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Delicious revenge: The Oatmeal raises $211,223 for charity

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    Theoatmeal.com founder Matthew Inman poses in front of a whopping stack of cash he raised for charity. (Matthew Inman)

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He turned cartoons into cash, and The Oatmeal served up its revenge.

When TheOatmeal.com founder Matthew Inman found another website stealing comics he had drawn, he cried foul -- and was promptly hit by a $20,000 defamation lawsuit. Inman turned that lawsuit on its ear, raising a whopping $211,223 for charity. 

“I didn’t expect when I decided to draw pictures for a living, I’d be riding in armored cars with $200,000,” Inman told FoxNews.com.

In what is hopefully the final chapter to a bizarre legal saga that has dogged him for over a year, Inman victoriously posted photos of himself lounging in front of all that money, which he plans to distribute to the American Cancer Society and the National Wildlife Federation shortly.

The biggest donor gave $1,000, he explained, and the money was raised in two weeks, thanks to Indiegogo, the same website that raised over $600,000 for bullied bus driver Karen Klein

“It was just to raise money for cancer awareness and endangered grizzly bears. That was really cool to be a part of," he told FoxNews.com.

'I didn’t expect when I decided to draw pictures for a living, I’d be riding in armored cars with $200,000.'

- Matthew Inman

The photoshoot was part of a promise Inman made when his website theOatmeal.com was first sued for defamation by another cartoon site, FunkyJunk, represented by Charles Carreon, a lawyer notable for his involvement in the fight for the adult domain, Sex.com.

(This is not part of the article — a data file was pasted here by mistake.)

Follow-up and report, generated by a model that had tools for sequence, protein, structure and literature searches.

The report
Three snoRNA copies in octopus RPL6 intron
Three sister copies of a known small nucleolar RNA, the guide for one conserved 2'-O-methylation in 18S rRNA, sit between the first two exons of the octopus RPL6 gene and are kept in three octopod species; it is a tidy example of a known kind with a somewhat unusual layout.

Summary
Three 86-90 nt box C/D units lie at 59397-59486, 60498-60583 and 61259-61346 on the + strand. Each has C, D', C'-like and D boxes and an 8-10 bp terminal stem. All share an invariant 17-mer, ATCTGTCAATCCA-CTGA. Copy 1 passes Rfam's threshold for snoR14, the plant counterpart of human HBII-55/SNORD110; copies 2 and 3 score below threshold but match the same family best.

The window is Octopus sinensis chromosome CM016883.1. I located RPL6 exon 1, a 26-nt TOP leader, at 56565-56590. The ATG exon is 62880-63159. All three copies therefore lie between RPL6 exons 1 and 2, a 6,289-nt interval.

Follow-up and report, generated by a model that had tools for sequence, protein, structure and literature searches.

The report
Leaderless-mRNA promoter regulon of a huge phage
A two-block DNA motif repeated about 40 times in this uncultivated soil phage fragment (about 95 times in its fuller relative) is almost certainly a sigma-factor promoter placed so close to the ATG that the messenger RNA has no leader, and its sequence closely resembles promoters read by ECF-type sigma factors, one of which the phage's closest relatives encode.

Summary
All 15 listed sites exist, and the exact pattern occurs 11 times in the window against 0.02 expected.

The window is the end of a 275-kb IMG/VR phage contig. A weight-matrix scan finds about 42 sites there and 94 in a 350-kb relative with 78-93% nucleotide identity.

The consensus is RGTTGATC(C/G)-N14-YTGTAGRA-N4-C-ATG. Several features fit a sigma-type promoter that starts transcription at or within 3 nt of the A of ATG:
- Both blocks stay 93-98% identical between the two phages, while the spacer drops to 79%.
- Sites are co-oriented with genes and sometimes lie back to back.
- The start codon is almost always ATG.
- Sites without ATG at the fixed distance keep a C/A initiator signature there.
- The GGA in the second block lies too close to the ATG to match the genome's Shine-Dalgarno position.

The suit called for The Oatmeal to pay $20,000 in damages, after Inman had written a post in 2011 claiming that FunkyJunk had “practically stolen [his] entire website.” Instead of responding through traditional legal avenues, he made an odd public pledge dubbed "BearLove Good. Cancer Bad."

"I've got a better idea," Inman wrote. "I'm going to try and raise $20,000 in donations. I'm going to take a photo of the raised money. I'm going to mail you that photo, along with this drawing of your mom seducing a Kodiak bear. I'm going to take the money and donate one half to the National Wildlife Federation and the other half to the American Cancer Society."

That picture is the only part of the whole thing Inman regrets. 

"I kind of wish I hadn’t done that," he said, noting that it was both a poor example of his work and somewhat inappropriate.

Inman’s fundraiser was nonetheless phenomenally successful and quickly went viral, collecting over $200,000. But this is where things get icky. Unwilling to back down, Carreon followed up with a new lawsuit, now on his own behalf, against not only Inman but also Indiegogo and the two charities involved, claiming he wanted to prevent "a publicity stunt" that might earn Inman a potential tax write off.

The lawsuit also included 100 unnamed John Does, presumably anonymous trolls from the Internet that had begun harassing Carreon and his family, spamming their inboxes with death threats, hacking Carreon’s website and signing him up (with his readily available email) for nefarious services and porn websites. In a fit of rage, Carreon’s wife compared Inman to Hitler on a popular online forum, after her family was flooded with a torrent of Internet rage.

The new suit didn't stop Inman, who said he withdrew funds from his personal account and photographed it for the photoshoot, just to fulfill his pledge.

On his blog, Inman writes that, given how much money he had unexpectedly raised, he had considered dividing it up into four charities instead of the original two, but since Carreon’s lawsuit claims he is holding an “illicit fundraiser,” he’s sticking with the two he mentioned originally to avoid further litigation. “If Carreon wanted a minor victory,” Inman wrote, “he got one here."

Last week, Carreon finally dropped the case. "We're very pleased that Carreon has seen that his lawsuit had no merit, and hope that this is the end of his abuse of the legal system," the Electronic Frontier Foundation, a nonprofit organization that has provided Inman his legal defense, said in a blog post.

With the suit dismissed, Inman was free to fulfill his promise, posting pics of him chillin’ in front of $211,223.04 he’d taken out of the bank that day in a canvas bag.  

A fresh cartoon is likely to follow.

“It’s been a good ride," Inman told FoxNews.com.